But one evening she wrestled with an uncomfortable realization. She found herself staring at a picture of Jesus, only to feel resentment instead of love. It was then that she had to admit to herself that the Jesus she knew exhausted her.
 
She turned away from the picture, suddenly realizing that she had not wanted Jesus in her life out of love for him. He was too hard to love. Yet she still wanted Jesus in her life. Why?
 
Then it hit her like a bucket of cold water.
 
She had wanted Jesus in her life for her sake alone. She wanted material blessings. She wanted to feel righteous and maybe superior to others. She wanted peace and joy. And she wanted Jesus close so he wouldn’t punish her—something of a fire insurance policy to keep her out of hell.
 
But she didn’t really want Jesus.
 
I wonder why I really want Jesus in my life. Do I really want to take him by the hand or just take from his hand?
 
Like the woman above, could it be that the Jesus I know is some cosmic force I fearfully try to manipulate for my benefit? Is that why I focus on his gifts and dodge his anger, all the while avoiding his eyes?
 
I’m afraid I do sometimes feel this way and, frankly, it’s no wonder many of us do.
 
Many of us have only ever been shown Performance Jesus—a “carrot and stick” Jesus. On the one hand, this Performance Jesus doles out blessings if we toe the line, and on the other, he’s ready to strike us hard for disobeying. He’s a daunting presence that we need to either appease or avoid.
 
Most of us know people like that…
 
We call them abusers.
 
Do we really want them in our lives? Of course not. In fact, we shouldn’t. So why would we want that Jesus in our lives? We shouldn’t.
 
Unfortunately, performance Christianity unwittingly presents just that kind of Jesus. Performance Christianity keeps many from seeing Gospel Jesus, and so we don’t experience Jesus’ love. Without feeling his love, it’s hard—actually it’s impossible—to love him. So we obey him out of self-interest and fear but never follow him out of love and gratitude.
 
But there is good news.
 
The Jesus of the gospel very much wants us to want him in our lives. He understands why we’ve struggled to love him. He feels our anger with that other Jesus, but he wants to reintroduce himself as he really is.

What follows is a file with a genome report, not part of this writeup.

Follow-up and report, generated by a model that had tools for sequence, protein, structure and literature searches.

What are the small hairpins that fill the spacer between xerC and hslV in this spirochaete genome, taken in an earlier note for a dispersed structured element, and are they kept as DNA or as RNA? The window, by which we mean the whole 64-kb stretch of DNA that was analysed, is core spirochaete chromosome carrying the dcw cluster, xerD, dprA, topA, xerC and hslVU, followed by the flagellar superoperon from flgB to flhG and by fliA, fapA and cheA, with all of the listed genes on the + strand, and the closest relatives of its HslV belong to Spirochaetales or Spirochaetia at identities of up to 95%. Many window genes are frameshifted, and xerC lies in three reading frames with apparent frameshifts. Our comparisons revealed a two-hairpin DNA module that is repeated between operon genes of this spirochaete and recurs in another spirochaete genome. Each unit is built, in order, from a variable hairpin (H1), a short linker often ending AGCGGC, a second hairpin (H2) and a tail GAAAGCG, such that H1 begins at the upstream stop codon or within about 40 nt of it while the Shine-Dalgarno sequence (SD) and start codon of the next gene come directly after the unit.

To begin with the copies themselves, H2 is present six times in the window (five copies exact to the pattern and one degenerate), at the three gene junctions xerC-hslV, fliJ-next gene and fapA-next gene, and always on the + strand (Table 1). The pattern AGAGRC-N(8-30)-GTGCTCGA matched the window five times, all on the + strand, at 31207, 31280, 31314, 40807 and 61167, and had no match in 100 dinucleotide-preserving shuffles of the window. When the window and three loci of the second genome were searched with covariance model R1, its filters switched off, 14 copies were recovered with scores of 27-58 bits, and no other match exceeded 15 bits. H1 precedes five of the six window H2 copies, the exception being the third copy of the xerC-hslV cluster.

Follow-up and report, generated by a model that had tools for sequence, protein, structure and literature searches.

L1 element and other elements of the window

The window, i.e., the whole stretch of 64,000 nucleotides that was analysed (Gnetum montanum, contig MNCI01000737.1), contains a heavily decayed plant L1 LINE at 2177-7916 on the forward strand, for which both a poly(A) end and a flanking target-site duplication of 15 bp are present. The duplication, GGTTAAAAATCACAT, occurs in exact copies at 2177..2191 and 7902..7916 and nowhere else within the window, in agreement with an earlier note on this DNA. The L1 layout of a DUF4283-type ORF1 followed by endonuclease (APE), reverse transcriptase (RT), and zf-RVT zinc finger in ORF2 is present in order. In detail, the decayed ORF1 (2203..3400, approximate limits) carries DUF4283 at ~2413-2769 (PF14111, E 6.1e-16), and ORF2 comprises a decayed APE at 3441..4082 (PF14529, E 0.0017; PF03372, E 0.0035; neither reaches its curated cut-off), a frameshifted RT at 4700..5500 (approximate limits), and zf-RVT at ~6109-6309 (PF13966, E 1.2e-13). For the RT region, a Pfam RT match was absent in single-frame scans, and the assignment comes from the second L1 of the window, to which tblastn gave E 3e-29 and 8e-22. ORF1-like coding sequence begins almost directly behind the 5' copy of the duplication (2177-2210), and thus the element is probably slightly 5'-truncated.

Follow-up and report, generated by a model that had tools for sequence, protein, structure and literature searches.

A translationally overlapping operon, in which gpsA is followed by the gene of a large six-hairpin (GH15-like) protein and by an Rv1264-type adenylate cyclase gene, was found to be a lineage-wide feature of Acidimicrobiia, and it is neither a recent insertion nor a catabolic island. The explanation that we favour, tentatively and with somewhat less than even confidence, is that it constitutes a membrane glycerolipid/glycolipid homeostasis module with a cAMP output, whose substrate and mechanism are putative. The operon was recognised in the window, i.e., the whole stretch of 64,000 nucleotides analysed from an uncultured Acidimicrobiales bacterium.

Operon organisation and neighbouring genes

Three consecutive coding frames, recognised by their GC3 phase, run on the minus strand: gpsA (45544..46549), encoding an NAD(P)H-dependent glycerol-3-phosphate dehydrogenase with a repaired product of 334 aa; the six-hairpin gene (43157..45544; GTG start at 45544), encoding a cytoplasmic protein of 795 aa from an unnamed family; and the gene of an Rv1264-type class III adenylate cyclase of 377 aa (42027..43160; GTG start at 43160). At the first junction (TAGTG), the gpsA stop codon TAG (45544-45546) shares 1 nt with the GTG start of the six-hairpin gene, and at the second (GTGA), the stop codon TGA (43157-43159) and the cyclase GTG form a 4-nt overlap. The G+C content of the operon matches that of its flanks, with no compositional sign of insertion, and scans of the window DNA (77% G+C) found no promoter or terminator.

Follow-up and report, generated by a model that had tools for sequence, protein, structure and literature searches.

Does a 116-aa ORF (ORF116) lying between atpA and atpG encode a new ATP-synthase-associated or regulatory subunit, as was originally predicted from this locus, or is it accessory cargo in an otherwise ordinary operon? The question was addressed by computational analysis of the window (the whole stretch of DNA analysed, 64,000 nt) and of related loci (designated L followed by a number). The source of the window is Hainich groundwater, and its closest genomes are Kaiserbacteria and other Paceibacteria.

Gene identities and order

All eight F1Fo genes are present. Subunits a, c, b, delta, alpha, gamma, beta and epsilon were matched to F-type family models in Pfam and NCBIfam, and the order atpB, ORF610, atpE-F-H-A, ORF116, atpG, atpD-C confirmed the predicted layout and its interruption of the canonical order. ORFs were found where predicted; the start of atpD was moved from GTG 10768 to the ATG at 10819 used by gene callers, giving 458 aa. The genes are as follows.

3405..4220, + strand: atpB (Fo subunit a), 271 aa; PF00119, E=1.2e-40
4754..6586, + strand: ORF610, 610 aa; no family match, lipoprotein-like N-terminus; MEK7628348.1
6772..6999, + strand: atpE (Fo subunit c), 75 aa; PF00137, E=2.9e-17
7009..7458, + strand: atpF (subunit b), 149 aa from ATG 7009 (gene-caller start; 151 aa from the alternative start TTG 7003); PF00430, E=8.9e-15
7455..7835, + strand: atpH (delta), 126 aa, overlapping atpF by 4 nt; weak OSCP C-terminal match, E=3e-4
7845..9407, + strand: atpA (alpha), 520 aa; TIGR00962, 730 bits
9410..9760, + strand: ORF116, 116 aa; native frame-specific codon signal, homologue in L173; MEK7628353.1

Gospel Jesus is the only person in the universe who truly loves us as we are.
 
And he has a gift waiting to pour into our opened hearts. It’s called grace.
 
So let’s ask him for the gift…every day. Let’s ask him to show us how much he loves us in spite of ourselves. Let’s ask him to teach us the gospel daily—to remind us over and over that he loves his children no matter what.
 
Let’s ask him daily to show himself as he really is—a big lover of big sinners.
 
And when he answers us, we will be changed. No longer will we obey for our own gain, but instead we will simply follow him, and gladly. For each time we feel his love overflowing in our hearts, spilling over into every part of our being and bursting beyond ourselves in love for others, we will love him again, and again, and again (see 1 John 4:19).
 
Those are the times we will really want Jesus in our lives.
 
Those are the only times we can really want Jesus in our lives.
 

Food for Thought
When have I used Jesus for my own purposes?
What are the things I expect Jesus to do for me?
Can I honestly say that I love Jesus?
How would I describe Jesus to someone else?
Do I really understand how much Jesus loves me…no matter what?


A PRAYER
O Lord, how dry I am without Jesus.
How foolish and vain
When I desire anything but him.
For what, without Jesus, can the world
give me?
Let me love all things for the sake of Jesus
But let me love Jesus for his own sake.
 
ADAPTED FROM THE IMITATION OF CHRIST,
THOMAS À KEMPIS (1380–1471)
 


From the Hardcover edition.

Meet the Author

C. D. Baker founded an award-winning business before redirecting his career to write full-time from his small farm in Bucks County, Pennsylvania. He is the author of eight books, including six novels, one of which was a finalist for a Christy Award. Baker has a Master’s degree in theological studies from the University of St. Andrews in Scotland.


From the Hardcover edition.